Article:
Tara Oceans expedition arrives in New York City vr, feb 10, 2012
The French scientific research vessel, Tara Oceans, which is backed by the UN Environment Programme (UNEP), has made a stopover at UN headquarters in New York as part of its campaign to raise awareness on the state of the oceans and marine life. New York, 5 February 2012 -
The French scientific research vessel, Tara Oceans, which is backed by the UN Environment Programme (UNEP), has made a stopover at UN headquarters in New York as part of its campaign to raise awareness on the state of the oceans and marine life.
The 70,000-mile expedition across the Atlantic, Pacific, Antarctic and Indian oceans is investigating the impact of global warming on biodiversity and marine life. Scientists on board are looking at the role played by plankton in the earth's life-support system; the effects of climate change on this critical base to the marine food chain; the preservation of marine biodiversity and ways of combating pollution and overfishing.
Artists and journalists have also joined the expedition to promote public awareness of these important issues. Twenty-one laboratories in 10 countries are collaborating with the mission, and research findings are published immediately on free access databases.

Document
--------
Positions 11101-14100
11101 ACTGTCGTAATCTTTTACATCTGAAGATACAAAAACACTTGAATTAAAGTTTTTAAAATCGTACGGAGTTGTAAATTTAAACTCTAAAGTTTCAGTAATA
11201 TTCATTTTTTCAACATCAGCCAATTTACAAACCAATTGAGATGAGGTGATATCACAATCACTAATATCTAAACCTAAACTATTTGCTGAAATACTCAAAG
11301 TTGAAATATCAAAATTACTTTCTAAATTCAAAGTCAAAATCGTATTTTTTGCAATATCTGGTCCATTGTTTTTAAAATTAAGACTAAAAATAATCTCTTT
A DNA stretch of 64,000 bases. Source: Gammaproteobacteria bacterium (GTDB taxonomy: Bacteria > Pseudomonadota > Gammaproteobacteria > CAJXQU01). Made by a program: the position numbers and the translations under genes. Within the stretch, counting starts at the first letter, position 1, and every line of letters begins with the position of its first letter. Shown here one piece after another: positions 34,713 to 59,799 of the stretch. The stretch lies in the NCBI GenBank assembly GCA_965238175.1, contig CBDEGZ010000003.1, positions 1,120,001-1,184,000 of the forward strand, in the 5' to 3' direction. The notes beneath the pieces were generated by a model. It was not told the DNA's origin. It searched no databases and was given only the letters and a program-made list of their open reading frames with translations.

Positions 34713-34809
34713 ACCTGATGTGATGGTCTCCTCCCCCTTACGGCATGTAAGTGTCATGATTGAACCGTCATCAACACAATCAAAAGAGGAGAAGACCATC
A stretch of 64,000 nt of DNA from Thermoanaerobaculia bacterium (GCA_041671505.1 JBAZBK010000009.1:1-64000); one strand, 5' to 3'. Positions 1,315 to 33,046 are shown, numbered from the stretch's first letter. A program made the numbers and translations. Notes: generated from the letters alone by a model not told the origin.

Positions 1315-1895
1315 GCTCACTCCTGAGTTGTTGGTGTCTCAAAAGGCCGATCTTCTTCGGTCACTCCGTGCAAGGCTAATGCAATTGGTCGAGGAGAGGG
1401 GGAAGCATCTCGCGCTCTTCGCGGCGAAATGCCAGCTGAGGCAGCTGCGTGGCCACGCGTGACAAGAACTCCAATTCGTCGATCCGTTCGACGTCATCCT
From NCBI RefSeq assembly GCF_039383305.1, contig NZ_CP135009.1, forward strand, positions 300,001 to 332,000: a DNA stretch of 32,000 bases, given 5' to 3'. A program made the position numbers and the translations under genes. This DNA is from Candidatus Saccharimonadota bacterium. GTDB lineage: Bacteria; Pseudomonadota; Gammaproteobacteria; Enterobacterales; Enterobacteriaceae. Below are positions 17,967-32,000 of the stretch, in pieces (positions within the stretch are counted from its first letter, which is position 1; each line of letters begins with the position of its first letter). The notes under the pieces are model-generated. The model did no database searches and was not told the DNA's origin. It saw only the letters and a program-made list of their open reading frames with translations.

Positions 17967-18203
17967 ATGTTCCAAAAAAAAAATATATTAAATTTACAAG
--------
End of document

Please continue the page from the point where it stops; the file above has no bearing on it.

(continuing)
"Tara's visit to New York is a great opportunity for us to think deeply and raise awareness of the issues that will be discussed in Rio," said Kiyo Akasaka, Under-Secretary General and head of the United Nations Department of Public Information. "The aims of the Tara Oceans expedition are completely in tune with our own campaign for The Future We Want and they will resonate with everyone who cares about the ocean and the environment."
The 118-foot schooner, which is on a three-year mission, is sponsored by private sponsors and a scientific consortium, including the French National Centre for Scientific Research and the European Molecular Biology Laboratory. Operating under the auspices of UNEP, it is also in partnership with the International Union for Conservation of Nature and the Intergovernmental Oceanographic Commission of the UN Educational, Scientific and Cultural Organization (UNESCO).
Researchers from Tara will be sharing their message of a sustainable future for all at the UN Conference on Sustainable Development, popularly known as Rio+20, in June.
UNEP's association with Tara is an extension to its partnership with the late Sir Peter Blake and what was then the Seamaster, "to exert common efforts for the preservation and improvement of the human environment, for the benefit of all the people and for their posterity".
Together, UNEP and the Tara team wish to achieve the following objectives:
-Explore and assess environmental conditions and trends.
-Raise awareness in regards to the wise management of the environment.
-Encourage new partnerships
-Bring to the attention of decision makers real-life testimonies about the state of the environment.
When Tara returns to its home port in France, a special edition of its journal will be published in French, English and Japanese. A film featuring Tara in "Planet Ocean" by UNEP's Goodwill Ambassador Yann Arthus Bertrand and Michael Pitiot, will launched at the Rio+20 Summit in June.
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